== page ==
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Arts & Entertainment

Mixed Double

Alex Caldiero and Frank McEntire hit on a unique collaboration in After the Tree Had Fallen.

By Ann Poore
Posted // June 11,2007 -

So, a Mormon sculptor who was once a Hare Krishna devotee and this Sicilian poet who used to be a computer geek go into a bar—make that an art gallery—and they decide to put on a show. The first guy thinks it’s about Kali, Hindu goddess of death and rebirth; the other thinks it’s about environmentalism. That both of them are right is evident in a fun and thought-provoking exhibition opening Sept. 5.


That’s when the nonprofit Art Access Gallery presents After the Tree Had Fallen: Recent Works and Collaborations by Alex Caldiero and Frank McEntire. At the monthly Gallery Stroll on Sept. 19, you will be able to see a special language act by Caldiero at 7 p.m. and again at 8 p.m.


Caldiero is a poet and performance artist who spent nearly 18 years as a technical writer. He was the second writer hired by WordPerfect and remained there making manuals “up until version 5.0.” He believes “poetry is the ultimate technical writing,” and credits time spent in the computer world with improvement in his creative work in terms of “understanding what this writing thing is about.” Today, he teaches humanities at Utah Valley State College and has a very cool Website, wordshaker.com.


McEntire is a sculptor, assemblage artist and independent curator who was the art critic for The Salt Lake Tribune and Salt Lake Magazine while working in the finance department of The Church of Jesus Christ of Latter-day Saints. He is now executive director of the Utah Arts Council.


McEntire is reserved; Caldiero brash and effusive. But these very different men have established, over 15 years, what Caldiero calls a brotherhood. “As different as we are, we are so alike that it’s scary,” he says.


These recent paintings, sculpture, and mixed-media works and collaborations started with a poem of Caldiero’s, beginning with the line “after the tree had fallen.” McEntire says, “We grew it from there.”


The two probe their concerns with the extinction and creation of species, languages and environments through their art.


“The exhibit is both a mourning and a celebration of the transformative forces at work in the wheel of creation and extinction,” Caldiero says. He and McEntire held lengthy discussions about how the creative process mimics the life cycle of the planet and all activity on it. “Just as whole ecological systems and biological species appear and disappear,” McEntire says, “so do languages in their written, verbal, and visual forms.”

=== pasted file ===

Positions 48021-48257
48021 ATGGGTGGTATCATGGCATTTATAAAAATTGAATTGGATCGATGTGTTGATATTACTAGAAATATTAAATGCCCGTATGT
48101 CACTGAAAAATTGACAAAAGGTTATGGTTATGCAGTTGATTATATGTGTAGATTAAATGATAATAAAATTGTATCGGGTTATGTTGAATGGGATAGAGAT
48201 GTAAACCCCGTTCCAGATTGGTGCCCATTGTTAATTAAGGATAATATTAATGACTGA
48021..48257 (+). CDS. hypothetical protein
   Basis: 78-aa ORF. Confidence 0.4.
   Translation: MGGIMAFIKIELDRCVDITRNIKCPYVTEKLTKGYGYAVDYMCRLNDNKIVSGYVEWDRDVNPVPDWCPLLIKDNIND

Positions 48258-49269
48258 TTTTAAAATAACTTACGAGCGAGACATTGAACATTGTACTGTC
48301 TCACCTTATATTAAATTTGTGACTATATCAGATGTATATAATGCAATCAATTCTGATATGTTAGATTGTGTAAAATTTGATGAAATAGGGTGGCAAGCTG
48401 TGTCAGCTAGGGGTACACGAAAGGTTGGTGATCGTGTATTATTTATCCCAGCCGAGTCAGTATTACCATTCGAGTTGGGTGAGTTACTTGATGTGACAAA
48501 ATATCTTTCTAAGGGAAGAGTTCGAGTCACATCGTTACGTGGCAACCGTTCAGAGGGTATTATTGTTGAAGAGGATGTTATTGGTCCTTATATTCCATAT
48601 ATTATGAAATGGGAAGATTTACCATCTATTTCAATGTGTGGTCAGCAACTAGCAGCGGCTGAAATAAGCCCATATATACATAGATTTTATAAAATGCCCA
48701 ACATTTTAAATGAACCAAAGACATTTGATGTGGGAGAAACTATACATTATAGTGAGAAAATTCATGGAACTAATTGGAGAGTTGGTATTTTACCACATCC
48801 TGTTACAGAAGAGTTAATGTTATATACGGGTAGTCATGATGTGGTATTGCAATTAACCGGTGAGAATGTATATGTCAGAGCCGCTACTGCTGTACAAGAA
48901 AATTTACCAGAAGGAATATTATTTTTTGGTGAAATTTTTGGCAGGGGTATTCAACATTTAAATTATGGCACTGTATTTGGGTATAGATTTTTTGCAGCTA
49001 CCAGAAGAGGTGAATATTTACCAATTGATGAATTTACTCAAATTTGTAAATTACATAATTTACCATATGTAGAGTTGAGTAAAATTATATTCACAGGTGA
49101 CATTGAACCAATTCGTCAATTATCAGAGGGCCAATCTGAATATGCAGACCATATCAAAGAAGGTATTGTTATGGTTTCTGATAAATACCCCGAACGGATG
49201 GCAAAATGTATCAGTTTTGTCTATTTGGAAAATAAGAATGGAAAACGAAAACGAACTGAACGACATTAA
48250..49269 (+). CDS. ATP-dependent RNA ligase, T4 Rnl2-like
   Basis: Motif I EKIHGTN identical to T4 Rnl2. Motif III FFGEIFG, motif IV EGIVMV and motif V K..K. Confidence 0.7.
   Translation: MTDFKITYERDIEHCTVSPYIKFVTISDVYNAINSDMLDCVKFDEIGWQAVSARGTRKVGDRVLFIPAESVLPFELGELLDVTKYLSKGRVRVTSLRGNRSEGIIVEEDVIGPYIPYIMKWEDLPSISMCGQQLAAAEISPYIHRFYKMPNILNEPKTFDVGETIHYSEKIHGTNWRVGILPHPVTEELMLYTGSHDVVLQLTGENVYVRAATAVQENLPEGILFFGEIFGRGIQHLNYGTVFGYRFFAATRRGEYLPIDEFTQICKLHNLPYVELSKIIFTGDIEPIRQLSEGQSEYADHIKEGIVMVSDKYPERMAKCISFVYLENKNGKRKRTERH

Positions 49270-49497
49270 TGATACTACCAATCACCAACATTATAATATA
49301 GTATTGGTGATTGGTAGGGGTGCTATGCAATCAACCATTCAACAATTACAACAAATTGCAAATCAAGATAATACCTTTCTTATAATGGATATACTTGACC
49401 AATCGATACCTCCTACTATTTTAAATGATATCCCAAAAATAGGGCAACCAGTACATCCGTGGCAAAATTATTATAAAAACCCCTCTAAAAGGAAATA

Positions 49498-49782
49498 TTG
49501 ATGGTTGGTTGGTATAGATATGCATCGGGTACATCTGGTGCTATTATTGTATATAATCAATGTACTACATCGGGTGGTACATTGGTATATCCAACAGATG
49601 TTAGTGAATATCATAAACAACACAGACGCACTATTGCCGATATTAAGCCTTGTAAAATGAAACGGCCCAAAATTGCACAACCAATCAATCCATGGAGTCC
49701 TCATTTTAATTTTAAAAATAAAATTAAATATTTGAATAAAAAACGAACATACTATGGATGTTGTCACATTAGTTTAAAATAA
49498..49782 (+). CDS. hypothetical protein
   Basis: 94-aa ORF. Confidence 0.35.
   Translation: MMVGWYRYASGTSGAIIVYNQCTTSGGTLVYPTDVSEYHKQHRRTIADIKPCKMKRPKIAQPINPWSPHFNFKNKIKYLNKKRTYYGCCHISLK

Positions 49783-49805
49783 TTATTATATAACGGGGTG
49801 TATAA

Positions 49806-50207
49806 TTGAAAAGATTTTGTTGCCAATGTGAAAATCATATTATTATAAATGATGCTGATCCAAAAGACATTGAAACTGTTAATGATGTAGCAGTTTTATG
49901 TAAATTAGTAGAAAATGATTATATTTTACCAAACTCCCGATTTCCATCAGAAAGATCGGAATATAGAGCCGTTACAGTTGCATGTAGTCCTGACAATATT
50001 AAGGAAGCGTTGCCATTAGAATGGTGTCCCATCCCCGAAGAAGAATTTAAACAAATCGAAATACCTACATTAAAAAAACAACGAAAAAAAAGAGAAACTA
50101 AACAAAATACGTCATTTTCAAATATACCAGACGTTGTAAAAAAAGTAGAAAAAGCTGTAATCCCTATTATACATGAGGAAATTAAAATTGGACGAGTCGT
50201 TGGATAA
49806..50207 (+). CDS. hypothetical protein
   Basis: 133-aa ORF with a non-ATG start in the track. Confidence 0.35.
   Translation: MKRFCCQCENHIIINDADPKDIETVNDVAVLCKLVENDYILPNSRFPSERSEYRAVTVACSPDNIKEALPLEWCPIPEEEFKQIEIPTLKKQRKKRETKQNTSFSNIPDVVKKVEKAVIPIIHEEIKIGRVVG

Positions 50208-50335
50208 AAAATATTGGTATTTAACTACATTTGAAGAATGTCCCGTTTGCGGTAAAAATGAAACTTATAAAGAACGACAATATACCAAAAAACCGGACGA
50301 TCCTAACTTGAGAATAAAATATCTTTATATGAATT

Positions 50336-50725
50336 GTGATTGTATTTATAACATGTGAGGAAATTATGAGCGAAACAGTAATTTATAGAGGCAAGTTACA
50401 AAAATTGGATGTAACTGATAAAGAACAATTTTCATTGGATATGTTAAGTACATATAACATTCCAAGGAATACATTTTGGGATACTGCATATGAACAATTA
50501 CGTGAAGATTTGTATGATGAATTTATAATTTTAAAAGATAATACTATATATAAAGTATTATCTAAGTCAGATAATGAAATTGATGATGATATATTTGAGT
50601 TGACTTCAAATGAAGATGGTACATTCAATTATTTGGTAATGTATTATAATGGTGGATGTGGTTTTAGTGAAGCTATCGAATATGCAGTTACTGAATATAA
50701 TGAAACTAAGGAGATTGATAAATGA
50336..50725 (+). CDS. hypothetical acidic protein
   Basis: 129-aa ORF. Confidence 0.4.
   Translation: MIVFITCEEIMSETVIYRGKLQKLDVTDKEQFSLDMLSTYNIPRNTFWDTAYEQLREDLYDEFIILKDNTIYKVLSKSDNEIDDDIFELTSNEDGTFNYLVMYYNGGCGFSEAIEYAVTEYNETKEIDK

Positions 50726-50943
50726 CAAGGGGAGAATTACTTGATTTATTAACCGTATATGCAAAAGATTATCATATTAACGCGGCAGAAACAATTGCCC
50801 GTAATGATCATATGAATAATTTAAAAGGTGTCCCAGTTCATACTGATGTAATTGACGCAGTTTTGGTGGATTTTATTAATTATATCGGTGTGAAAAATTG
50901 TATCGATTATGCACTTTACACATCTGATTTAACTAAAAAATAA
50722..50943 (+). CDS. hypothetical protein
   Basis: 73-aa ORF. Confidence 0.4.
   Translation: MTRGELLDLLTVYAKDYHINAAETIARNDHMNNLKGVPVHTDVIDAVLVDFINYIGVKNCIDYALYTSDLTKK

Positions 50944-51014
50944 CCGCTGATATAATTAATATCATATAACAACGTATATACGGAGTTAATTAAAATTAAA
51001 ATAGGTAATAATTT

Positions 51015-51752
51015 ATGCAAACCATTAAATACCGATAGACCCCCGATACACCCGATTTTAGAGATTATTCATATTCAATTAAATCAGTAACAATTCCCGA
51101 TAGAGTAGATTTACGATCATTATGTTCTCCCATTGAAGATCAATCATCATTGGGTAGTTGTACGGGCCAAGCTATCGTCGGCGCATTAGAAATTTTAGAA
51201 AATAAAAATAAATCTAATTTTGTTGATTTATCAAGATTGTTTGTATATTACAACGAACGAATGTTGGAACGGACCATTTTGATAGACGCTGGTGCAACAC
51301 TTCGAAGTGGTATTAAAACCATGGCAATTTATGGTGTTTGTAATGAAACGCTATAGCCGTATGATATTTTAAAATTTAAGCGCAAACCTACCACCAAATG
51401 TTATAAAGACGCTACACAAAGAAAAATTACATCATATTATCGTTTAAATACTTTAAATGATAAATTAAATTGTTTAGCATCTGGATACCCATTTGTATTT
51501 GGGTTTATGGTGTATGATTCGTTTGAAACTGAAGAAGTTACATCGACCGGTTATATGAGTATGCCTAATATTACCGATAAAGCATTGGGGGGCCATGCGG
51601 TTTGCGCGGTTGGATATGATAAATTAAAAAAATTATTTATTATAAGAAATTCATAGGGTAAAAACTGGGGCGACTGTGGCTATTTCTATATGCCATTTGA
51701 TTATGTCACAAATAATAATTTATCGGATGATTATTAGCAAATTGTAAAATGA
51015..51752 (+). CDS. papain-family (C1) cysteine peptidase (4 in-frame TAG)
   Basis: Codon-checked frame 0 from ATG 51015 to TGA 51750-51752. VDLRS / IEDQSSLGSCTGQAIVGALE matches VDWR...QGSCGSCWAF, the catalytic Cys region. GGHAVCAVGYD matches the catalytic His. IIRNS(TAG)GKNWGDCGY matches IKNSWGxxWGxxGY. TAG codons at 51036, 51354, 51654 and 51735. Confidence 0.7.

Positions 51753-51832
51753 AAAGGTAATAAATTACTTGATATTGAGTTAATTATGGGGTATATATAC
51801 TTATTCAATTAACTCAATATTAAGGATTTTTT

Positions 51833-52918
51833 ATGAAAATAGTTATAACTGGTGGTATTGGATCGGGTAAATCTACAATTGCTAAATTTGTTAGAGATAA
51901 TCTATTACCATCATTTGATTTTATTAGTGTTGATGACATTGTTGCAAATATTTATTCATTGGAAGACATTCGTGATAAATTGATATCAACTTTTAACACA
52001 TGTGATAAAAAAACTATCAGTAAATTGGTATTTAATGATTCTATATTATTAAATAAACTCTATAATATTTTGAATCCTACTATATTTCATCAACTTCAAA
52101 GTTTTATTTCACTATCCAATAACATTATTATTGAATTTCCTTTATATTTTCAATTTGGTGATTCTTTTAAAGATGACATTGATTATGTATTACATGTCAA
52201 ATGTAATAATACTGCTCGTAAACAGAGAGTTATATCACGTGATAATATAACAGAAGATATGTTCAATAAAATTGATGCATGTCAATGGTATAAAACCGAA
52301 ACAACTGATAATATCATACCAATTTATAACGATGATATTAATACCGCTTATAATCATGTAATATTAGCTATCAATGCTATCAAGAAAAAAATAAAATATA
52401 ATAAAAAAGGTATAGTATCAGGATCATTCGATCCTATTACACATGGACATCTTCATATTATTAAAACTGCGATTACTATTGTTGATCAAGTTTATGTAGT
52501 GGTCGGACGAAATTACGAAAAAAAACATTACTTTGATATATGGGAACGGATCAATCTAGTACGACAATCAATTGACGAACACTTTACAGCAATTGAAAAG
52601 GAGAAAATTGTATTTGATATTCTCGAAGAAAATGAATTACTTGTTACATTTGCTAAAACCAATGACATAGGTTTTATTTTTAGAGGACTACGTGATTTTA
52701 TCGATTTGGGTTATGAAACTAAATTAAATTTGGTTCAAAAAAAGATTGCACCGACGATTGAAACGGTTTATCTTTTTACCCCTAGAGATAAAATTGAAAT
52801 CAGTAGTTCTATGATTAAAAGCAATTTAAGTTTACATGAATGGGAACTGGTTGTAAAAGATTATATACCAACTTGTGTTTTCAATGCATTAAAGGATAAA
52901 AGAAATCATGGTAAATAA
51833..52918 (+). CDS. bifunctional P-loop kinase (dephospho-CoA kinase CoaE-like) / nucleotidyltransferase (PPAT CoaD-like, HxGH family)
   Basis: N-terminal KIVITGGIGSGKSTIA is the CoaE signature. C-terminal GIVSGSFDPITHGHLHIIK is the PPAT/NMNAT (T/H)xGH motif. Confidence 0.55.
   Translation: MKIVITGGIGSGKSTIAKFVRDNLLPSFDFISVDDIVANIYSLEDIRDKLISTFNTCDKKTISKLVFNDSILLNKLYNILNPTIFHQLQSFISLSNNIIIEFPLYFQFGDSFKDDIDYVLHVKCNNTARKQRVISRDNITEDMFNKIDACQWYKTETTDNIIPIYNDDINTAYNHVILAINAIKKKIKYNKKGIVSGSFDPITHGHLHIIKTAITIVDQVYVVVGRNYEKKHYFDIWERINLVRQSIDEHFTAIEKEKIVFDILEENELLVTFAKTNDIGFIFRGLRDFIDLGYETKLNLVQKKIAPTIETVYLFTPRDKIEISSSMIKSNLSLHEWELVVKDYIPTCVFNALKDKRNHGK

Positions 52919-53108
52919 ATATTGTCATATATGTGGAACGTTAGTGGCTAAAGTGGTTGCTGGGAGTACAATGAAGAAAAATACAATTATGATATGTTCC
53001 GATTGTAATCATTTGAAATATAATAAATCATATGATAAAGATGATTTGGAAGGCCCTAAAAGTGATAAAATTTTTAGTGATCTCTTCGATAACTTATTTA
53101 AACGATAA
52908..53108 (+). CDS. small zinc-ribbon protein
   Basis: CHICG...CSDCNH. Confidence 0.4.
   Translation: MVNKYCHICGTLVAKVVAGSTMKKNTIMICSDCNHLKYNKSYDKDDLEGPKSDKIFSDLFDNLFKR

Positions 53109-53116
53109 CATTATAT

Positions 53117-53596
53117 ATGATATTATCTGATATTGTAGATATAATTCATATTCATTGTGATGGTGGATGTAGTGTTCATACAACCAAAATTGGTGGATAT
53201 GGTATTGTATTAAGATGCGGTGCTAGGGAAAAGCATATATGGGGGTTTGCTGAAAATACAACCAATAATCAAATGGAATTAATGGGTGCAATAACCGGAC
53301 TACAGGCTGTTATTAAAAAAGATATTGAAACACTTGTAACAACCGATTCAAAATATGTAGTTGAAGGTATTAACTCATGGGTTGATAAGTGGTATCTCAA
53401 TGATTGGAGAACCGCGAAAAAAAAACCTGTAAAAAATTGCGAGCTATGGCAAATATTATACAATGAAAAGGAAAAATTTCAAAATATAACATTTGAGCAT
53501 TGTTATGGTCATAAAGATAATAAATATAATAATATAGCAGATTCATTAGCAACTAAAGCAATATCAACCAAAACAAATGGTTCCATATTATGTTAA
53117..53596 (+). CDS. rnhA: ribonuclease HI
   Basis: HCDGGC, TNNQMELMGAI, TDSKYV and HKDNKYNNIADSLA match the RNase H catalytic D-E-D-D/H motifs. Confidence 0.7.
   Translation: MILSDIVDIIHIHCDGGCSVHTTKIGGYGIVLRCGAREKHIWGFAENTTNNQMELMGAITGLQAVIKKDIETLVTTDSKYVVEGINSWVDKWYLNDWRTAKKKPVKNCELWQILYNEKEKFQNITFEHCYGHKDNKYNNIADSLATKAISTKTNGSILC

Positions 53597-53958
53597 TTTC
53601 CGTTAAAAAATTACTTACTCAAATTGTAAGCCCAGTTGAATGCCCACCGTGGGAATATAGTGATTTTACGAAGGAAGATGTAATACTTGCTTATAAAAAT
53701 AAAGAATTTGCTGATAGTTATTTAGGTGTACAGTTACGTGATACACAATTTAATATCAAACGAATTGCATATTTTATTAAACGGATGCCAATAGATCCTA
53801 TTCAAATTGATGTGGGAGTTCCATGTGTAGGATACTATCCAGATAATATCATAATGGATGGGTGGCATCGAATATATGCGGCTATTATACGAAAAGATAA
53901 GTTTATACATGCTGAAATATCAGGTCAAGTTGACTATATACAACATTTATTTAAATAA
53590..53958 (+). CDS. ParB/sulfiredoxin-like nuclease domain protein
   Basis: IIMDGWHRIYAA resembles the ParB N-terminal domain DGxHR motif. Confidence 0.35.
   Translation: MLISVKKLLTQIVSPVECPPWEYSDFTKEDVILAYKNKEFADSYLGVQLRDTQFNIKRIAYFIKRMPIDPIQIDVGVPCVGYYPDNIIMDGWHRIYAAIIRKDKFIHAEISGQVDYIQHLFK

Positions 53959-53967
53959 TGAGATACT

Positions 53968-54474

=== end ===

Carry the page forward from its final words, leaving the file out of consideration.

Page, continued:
Caldiero has witnessed languages disappearing. “In Zurich, there’s a society for endangered languages ... I myself am probably the last generation that speaks pure Sicilian. So I feel this thing of extinction very personally.” McEntire recalls a poem Caldiero wrote about the death of the last speaker of a language. “The language of an entire tribe went to the grave with him,” he says.


In Caldiero’s performance piece, the poet takes small objects related to that tribe and puts them in his mouth one at a time as he recites stanzas of his work. Halfway through, he has so much in his mouth you can’t distinguish what he’s talking about; then there’s more and he no longer can even speak, at which point he starts taking things out again and—very slowly—the vocabulary comes back. You begin to distinguish his words as the second half of the poem is presented.


For McEntire, that became a collaborative link, reminding him of a recent news story about the dispute over ownership of three ceremonial buffalo-hide shields. The valuable artifacts were ultimately returned to the Navajo Nation by the National Park Service because one tribal elder knew and could practice the ceremony in which the shields were used. “One person held the key,” says McEntire. “When that person is gone, the key to the secret knowledge is lost ... So, the Navajo have a second chance. Maybe this Navajo holy man can live long enough to train an apprentice.”


The pair worked together on several pieces in the show, visiting each other’s studios and “seeing what resonated,” says Caldiero. “Collaboration has to be as natural as anything else that is authentic in producing art,” he says. “You have almost an intuition about what possibilities arise.”


McEntire saw a possibility for integrating his and Caldiero’s work in an old Burroughs calculator. It has glass sides, so the machine’s inner workings are visible. McEntire made a pedestal for it and the paper calculator tape is now a scroll. The whole piece is a fine artist book titled: “Tzimtzum (pronounced “zem-zoom”) for Burroughs Machine.”


McEntire’s AlphaTrough is an old cattle water trough filled with wooden forms once used to cast metal letters. It will be placed against a gallery wall. Inside it, Caldiero will place a scroll that unrolls up the wall “in which the letter ‘I’ begins to rise and meets the letter ‘O’ and becomes this living thing flowing off into space,” he says.


That’s collaboration.

 
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